Household income at the 10th and 90th percentile.
Household income at the 10th and 90th percentile.

Why earning $180K doesn’t make you rich

Prime Minister Scott Morrison said this week that an Australian making $180,000 a year is not rich. He makes $550,000 a year. Is he completely out of touch? Or is he just trying to distract us from something else?

This is not the first time a senior politician has sparked a furore by claiming a person with high income isn't rich. Maybe they want to pit the 25-year-old worker making $50,000 a year against the 50-year-old manager or small business owner making $180,000 a year. Are they, like a magician, trying to direct our attention one way while doing something else?

Is $180,000 a year not a lot of money, or is ScoMo having us on? Picture: Sam Mooy/Getty Images.
Is $180,000 a year not a lot of money, or is ScoMo having us on? Picture: Sam Mooy/Getty Images.

INCOME ISN'T THE MAIN GAME

If you're focused on income inequality, you're missing the big picture. Rich Australians make more money than poor Australians, it is true. But income is for normal people. Rich people have wealth.

I'm going to show you some cool graphs that explain why wealth matters so much more than income. To understand them we have to be across the concept of percentiles.

Imagine we line up every household in Australia from richest to poorest and then divide them into 100 equal-sized groups. Then we label the poorest group 1st percentile, the richest group 100th percentile.

If we do this for income, the 90th percentile group has four times as much income as the 10th percentile group. That's a big difference, sure.

 

People in the 90th percentile earn vastly more than people in the 10th percentile.
People in the 90th percentile earn vastly more than people in the 10th percentile.

But if we do it for wealth, the 90th percentile group has over 70 times as much wealth as the 10th percentile group.

But the wealth of people in the 90th percentile is grossly more.
But the wealth of people in the 90th percentile is grossly more.

RELATED: What Aussies need to earn to be rich

And that's only the 90th percentile.

A lot of that wealth is in housing. 10 per cent of Australians have more wealth than that and the higher you go, the more it is shares in big companies.

When you get up the pointy end of the Australian rich list, the numbers are crazy. You can have $400 million and not even make it into the top 200. To make it into the top 10 you need $6.6 billion.

These are numbers so big that the people behind them command influence. A person making $180,000 a year certainly doesn't have the Prime Minister's phone number but I bet the top of the Rich List all do.

That's the kind of inequality where they can shape the rules to their own interests. And that's a kind of inequality we should really be worrying much more about.

WEALTH MAKES INCOME

Another reason to focus on wealth is it creates income.

If you have $18 million in a term deposit making 1 per cent interest, you can withdraw $180,000 a year in income every year for eternity. Without doing any work and without seeing your bank balance go down.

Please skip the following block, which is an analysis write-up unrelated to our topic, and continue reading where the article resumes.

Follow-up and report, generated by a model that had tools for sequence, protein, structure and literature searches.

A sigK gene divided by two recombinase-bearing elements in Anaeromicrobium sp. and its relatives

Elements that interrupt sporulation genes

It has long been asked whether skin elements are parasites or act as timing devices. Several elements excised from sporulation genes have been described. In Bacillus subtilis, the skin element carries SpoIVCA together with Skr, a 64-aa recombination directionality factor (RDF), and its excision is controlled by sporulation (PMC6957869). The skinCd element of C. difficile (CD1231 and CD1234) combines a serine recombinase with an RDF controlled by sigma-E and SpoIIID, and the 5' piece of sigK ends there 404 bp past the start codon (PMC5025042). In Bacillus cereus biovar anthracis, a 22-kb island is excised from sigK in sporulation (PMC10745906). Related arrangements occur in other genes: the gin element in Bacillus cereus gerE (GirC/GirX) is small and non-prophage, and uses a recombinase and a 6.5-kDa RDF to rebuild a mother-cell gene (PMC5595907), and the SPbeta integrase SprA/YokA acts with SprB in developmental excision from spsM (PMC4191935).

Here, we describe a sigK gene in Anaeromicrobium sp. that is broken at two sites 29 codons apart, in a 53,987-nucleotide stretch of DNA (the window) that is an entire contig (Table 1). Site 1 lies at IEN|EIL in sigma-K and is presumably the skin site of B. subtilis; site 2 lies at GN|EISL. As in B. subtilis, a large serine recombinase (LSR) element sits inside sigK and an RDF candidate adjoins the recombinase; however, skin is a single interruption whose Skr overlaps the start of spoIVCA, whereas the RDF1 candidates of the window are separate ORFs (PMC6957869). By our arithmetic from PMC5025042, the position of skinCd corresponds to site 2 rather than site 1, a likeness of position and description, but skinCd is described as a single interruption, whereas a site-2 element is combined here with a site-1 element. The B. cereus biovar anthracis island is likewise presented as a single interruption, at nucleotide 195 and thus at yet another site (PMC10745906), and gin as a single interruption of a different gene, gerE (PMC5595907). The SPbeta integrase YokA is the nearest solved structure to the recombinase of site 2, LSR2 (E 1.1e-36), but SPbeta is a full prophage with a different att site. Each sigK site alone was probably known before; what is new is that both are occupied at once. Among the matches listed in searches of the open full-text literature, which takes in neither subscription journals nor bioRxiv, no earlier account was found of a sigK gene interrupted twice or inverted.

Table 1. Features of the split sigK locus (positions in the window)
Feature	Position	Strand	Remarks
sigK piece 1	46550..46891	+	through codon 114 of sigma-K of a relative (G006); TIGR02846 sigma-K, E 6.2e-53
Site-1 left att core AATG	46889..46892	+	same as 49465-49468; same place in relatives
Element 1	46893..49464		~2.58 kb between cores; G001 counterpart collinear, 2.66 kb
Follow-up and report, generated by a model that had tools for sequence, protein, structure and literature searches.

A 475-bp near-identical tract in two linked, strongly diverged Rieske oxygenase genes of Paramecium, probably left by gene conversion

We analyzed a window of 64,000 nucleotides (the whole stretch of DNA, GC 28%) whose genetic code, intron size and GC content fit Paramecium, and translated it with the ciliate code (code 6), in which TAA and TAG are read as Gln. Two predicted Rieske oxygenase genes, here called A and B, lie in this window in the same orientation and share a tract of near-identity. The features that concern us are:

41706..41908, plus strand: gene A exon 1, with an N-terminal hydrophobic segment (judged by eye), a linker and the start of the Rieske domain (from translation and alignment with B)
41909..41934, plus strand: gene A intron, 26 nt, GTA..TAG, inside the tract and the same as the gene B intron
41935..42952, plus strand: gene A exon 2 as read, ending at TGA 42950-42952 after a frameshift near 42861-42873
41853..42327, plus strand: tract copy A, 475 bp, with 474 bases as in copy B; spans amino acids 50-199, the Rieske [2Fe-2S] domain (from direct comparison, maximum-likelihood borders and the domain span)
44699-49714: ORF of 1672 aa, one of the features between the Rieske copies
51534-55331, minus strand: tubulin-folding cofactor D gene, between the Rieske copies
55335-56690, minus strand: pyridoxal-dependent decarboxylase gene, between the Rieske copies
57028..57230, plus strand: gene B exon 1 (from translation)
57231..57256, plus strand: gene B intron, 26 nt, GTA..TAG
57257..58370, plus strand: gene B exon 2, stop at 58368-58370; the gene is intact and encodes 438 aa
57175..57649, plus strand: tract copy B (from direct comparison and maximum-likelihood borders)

If you have that same amount invested in shares with a dividend yield of 4 per cent you can make around $720,000 a year in income and there's a chance the capital value of those shares goes up.

Income can make wealth too, but only if you're careful with it. And even rich people are not immune to spending more than they earn.

IS $180,000 ENOUGH FOR YOU?

Beware of people who claim they are not rich because of their mortgage and their school fees. The size of your mortgage is a consumption choice. The choice of private schools is one too.

No matter how much income you have, you can make yourself feel financially strained by spending too much. The world is full of ways to spend money.

Even if you have billions, you could buy a house with a Sydney Harbour jetty, a yacht to moor at it, hire a crew for the yacht, start a charitable foundation, lend money to friends to start their businesses, go gambling in the high-roller rooms of the world. But do all of those at once and you'll start to feel overcomitted.

Sometimes the more money you spend, the more expensive life becomes. Life on Sydney Harbour doesn’t come cheap.
Sometimes the more money you spend, the more expensive life becomes. Life on Sydney Harbour doesn’t come cheap.

Charles Dickens put it like this: "Annual income twenty pounds, annual expenditure nineteen and six, result happiness. Annual income twenty pounds, annual expenditure twenty pounds ought and six, result misery."

But feeling financial strain is not the same as being poor. Poor people can't sell their house to give themselves breathing room.

What ScoMo may be trying to say is "People on $180,000 still face choices that feel hard."

They don't feel joyful and liberating freedom we imagine comes with being really rich.

But spoiler alert: having choices at all? That is a sign you're not poor. Poor people don't get to choose whether taking a Japanese ski holiday every year is worth living in a slightly less nice suburb. Whether to buy a new car this year or next year. And having no choices is a lot more stressful than having choices.

That's another thing we lose when we argue about who is rich: we stop worrying about who is poor. And that matters a great deal.

Jason Murphy is an economist | @jasemurphy. He is the author of the book Incentivology.

Originally published as Why earning $180K doesn't make you rich



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